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Re: English-Glosa web page translator

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  • Roy Fullmer
    ... Much as I share your enthusiasm about the whole thing, I diverge with respect to the viability of a bridge language in a computer translation process ,
    Message 1 of 12 , Dec 5, 2006
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      --- In glosalist@yahoogroups.com, Robin Fairbridge Gaskell
      > Interesting!
      > This idea, that writing in Glosa demands using words in meaningful
      > context is roughly the same idea that I have been stressing for
      > years, i.e. that the correct use of Glosa demands an elegant accuracy.
      > Thus, if information is laid down in Glosa, it is quite easy
      > to translate out of it -- into other national languages and even into
      > other Planned Languages.
      > If the above idea is correct, it would stamp Glosa as the
      > ideal Middle Language and as a suitable candidate for as the bridge
      > language in a computer translation process. What is more, the bridge
      > language, i.e. Glosa, or a close variant of it, would be readable by
      > humans as well as by machines.
      > And on the reference to "Glosa -> Esperanto" I would
      > definitely find the well-written Glosa version of a document a lot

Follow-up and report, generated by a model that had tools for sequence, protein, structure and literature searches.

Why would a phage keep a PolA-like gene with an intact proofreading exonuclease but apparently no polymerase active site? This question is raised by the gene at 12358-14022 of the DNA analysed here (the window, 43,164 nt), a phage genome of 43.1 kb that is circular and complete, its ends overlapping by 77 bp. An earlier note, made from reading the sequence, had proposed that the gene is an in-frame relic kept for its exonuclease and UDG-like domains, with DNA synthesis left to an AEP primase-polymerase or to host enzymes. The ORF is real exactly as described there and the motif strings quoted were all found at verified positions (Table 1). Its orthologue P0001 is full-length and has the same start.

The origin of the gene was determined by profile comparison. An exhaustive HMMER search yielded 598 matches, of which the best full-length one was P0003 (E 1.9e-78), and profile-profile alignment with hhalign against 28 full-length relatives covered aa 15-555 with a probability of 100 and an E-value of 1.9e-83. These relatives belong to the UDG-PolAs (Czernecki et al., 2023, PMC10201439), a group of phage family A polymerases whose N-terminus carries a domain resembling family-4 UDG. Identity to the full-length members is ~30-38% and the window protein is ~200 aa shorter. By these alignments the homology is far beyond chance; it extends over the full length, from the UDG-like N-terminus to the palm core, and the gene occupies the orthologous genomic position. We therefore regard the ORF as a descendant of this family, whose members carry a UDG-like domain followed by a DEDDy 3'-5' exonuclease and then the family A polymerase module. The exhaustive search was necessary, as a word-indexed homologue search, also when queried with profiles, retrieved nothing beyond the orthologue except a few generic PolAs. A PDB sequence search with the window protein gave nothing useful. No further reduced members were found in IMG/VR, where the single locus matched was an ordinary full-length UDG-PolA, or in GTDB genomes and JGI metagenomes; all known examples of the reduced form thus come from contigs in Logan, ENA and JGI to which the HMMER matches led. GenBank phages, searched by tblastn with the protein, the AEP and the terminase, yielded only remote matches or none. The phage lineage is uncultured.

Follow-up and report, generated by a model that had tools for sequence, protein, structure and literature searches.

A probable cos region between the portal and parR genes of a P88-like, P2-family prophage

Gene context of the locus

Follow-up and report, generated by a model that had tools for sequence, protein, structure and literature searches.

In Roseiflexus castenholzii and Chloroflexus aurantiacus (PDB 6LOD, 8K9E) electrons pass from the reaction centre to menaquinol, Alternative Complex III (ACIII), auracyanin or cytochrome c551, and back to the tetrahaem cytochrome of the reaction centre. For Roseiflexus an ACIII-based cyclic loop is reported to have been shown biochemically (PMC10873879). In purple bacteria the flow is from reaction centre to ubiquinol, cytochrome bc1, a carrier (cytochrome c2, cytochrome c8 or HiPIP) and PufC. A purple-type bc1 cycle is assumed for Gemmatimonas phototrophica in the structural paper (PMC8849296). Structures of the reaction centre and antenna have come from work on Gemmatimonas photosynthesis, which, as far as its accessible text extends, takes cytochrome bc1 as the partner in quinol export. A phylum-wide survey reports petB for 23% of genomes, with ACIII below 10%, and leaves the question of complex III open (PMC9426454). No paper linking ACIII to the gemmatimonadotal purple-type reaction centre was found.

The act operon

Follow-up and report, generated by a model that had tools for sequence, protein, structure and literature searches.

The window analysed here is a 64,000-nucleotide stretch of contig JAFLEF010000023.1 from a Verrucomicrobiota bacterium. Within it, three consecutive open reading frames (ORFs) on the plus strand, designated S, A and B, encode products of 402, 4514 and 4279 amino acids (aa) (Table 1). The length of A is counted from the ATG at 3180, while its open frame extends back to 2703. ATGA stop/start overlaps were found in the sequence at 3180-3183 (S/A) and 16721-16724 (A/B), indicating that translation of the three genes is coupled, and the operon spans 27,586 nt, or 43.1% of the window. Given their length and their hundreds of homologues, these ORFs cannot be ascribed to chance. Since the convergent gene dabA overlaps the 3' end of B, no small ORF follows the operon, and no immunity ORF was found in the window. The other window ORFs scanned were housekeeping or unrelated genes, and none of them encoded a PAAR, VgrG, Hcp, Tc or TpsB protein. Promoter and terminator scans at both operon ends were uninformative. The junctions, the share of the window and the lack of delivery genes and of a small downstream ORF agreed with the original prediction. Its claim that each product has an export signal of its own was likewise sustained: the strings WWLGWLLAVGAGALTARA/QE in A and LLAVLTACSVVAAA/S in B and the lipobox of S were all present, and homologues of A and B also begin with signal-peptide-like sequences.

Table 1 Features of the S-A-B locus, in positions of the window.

> easier to understand than the well-written Esperanto version of
      > it. In fact, I had to do a translation, on paper, from Esperanto
      > into English when the now Professor of Linguistics in China, Haitao,
      > insisted on answering my Glosa letters to him in Esperanto.

      Much as I share your enthusiasm about the whole thing, I diverge with
      respect to the viability of a "bridge language in a computer
      translation process", which to me seems very far-fetched.

      Things need to be written in Glosa first, then machine translated into
      other languages. Of particular interest for moving in this direction
      is whether or not machine translated Glosa into Chinese is readable as
      an original Chinese language composition. If so, it would prove very
      appealing to the Chinese language speakers, who constitute the largest
      population on Earth. It seems to me that what you've been stressing
      for years has been known to them for millenia. I'm studying an
      ancient Chinese classic which has been translated many times into many
      different languages, and have discovered that a word for word
      translation into Glosa brings the meaning out much better than any of
      them. The development of the proper Glosa-Chinese wordlist requires
      someone well versed in both English and Chinese. If Professor Haitao
      doesn't speak a word of English perhaps he will not get the proper
      nuance of meaning of particular English words. For example, the Glosa
      word 'bali' would have to be translated into a Chinese language
      equivalent that could transmit all the nuances of meaning of which it
      is capable, which in English is expressed by the word 'hurl', and so on.
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